The smoke-free areas in the UK are extensive and need to have signs to designate the area as smoke-free. Fines for individuals convicted of smoking violations are up to £200. For facility owners, convicted of a smoking law violation, the fine is up to £2,500 per incident.
Since October 2015, the Children and Families Act made it illegal to smoke in any vehicle carrying children under the age of 18.
Exemptions to the Health Act of 2006 include private homes designated as smoking rooms in hotels, guesthouses, care homes, hospices, and prisons. If a room in a private home is also a workroom, such as a room for giving music lessons, that room must be smoke-free.
Sport stadiums are exempt, however; the owners of the stadium may implement a smoke-free policy. Bus stops are exempt, unless they are substantially (more than 50%) enclosed. Offshore oilrigs can have a smoking room. Specialist tobacco shops, such as those selling cigars, may have a smoking room with strict conditions.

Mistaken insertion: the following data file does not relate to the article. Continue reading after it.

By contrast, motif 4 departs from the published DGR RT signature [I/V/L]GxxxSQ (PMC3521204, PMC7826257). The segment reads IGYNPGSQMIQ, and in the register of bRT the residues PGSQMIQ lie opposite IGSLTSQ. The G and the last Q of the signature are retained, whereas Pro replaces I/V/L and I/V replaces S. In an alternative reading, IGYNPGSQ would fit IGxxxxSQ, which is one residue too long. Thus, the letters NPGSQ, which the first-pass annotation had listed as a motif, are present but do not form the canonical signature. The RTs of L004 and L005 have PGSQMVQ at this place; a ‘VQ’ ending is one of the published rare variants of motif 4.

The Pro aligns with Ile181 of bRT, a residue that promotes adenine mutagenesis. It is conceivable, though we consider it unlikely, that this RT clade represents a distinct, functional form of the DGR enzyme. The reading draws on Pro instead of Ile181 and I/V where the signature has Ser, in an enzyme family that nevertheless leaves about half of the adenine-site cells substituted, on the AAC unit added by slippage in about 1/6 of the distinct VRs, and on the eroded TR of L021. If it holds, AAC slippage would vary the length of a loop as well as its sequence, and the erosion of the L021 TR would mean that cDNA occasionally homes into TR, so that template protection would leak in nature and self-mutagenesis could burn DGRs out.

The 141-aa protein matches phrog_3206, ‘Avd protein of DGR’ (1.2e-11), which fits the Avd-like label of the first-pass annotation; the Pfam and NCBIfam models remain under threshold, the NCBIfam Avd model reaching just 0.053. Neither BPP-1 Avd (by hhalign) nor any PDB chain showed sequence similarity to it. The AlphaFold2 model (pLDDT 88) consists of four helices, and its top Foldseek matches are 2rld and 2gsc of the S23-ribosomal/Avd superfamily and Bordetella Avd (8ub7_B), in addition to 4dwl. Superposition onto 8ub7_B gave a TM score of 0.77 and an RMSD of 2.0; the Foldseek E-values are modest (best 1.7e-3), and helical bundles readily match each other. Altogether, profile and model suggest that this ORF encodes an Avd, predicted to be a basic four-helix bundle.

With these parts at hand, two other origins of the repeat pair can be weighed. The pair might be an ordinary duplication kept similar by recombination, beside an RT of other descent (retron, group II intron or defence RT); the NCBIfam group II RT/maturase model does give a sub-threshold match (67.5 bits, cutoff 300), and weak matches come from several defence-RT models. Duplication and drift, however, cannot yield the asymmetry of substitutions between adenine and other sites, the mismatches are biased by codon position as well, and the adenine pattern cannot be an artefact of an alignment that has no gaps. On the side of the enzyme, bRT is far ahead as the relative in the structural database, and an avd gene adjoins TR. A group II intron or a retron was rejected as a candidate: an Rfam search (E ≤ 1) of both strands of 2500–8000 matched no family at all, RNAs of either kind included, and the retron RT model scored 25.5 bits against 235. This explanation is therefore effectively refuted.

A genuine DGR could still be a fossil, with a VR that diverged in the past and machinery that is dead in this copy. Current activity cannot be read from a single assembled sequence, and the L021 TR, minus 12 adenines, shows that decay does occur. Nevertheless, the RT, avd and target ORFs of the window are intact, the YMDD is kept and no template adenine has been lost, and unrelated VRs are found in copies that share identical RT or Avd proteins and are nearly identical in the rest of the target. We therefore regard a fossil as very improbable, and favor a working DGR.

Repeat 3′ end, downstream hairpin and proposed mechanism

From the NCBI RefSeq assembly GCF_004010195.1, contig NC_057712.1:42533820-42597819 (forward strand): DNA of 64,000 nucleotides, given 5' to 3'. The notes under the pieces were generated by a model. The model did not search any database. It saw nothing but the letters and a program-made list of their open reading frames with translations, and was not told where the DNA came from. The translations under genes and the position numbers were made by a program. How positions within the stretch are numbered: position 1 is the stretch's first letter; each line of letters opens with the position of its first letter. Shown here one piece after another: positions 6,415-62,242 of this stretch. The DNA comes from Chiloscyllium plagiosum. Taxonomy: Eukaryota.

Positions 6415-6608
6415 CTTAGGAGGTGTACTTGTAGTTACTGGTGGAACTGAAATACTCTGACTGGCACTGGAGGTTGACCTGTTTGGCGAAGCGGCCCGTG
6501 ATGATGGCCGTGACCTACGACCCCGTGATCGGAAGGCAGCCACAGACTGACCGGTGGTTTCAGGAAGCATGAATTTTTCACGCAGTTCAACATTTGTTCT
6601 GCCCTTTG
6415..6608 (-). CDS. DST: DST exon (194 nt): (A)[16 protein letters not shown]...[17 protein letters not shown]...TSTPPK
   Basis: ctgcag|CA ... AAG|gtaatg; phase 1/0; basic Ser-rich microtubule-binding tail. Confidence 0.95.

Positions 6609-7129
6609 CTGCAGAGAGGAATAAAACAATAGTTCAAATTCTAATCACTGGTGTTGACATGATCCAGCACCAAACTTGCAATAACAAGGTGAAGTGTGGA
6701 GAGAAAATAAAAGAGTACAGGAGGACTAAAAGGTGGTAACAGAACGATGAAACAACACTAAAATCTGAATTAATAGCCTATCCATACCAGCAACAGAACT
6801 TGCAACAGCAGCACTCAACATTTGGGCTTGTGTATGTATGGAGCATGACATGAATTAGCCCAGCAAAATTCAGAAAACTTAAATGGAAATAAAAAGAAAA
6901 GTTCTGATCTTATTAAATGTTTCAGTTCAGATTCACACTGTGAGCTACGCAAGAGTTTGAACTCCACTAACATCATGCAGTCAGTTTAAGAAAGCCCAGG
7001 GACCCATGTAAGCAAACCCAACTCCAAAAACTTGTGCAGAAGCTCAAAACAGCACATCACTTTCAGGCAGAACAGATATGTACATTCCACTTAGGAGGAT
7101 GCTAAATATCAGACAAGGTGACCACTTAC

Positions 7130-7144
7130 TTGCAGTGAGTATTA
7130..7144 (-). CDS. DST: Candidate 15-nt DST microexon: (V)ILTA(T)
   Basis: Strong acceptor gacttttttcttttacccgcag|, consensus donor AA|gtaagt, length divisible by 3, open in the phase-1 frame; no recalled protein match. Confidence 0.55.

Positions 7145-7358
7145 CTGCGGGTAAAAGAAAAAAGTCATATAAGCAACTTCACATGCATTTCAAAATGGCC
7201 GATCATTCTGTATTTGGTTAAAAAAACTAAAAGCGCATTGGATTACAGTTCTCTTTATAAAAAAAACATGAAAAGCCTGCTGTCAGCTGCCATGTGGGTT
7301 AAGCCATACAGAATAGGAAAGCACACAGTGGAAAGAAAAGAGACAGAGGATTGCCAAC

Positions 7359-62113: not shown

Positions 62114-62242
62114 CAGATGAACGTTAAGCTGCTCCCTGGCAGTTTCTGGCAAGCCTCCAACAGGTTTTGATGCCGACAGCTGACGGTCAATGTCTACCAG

Smoking Laws in the US *
The smoking regulations for federal facilities ban smoking in all federal buildings, with a very few exceptions.
Each state has their own smoking regulations that cover other places. Thirty states, plus Puerto Rico, and the U.S. Virgin Islands, have smoking restrictions that include a 100% ban on smoking in restaurants and bars.
Four states ban smoking in bars and restaurants, except for designated and separated smoking areas, such as a separate outdoor patio.
Market Watch reported in February 2015 that there are 16 states, which still permit smoking in bars and/or restaurants. They are:
- The states of Florida Idaho, Indiana, and Louisiana have laws that make restaurants 100% smoke-free, but still allow smoking in bars.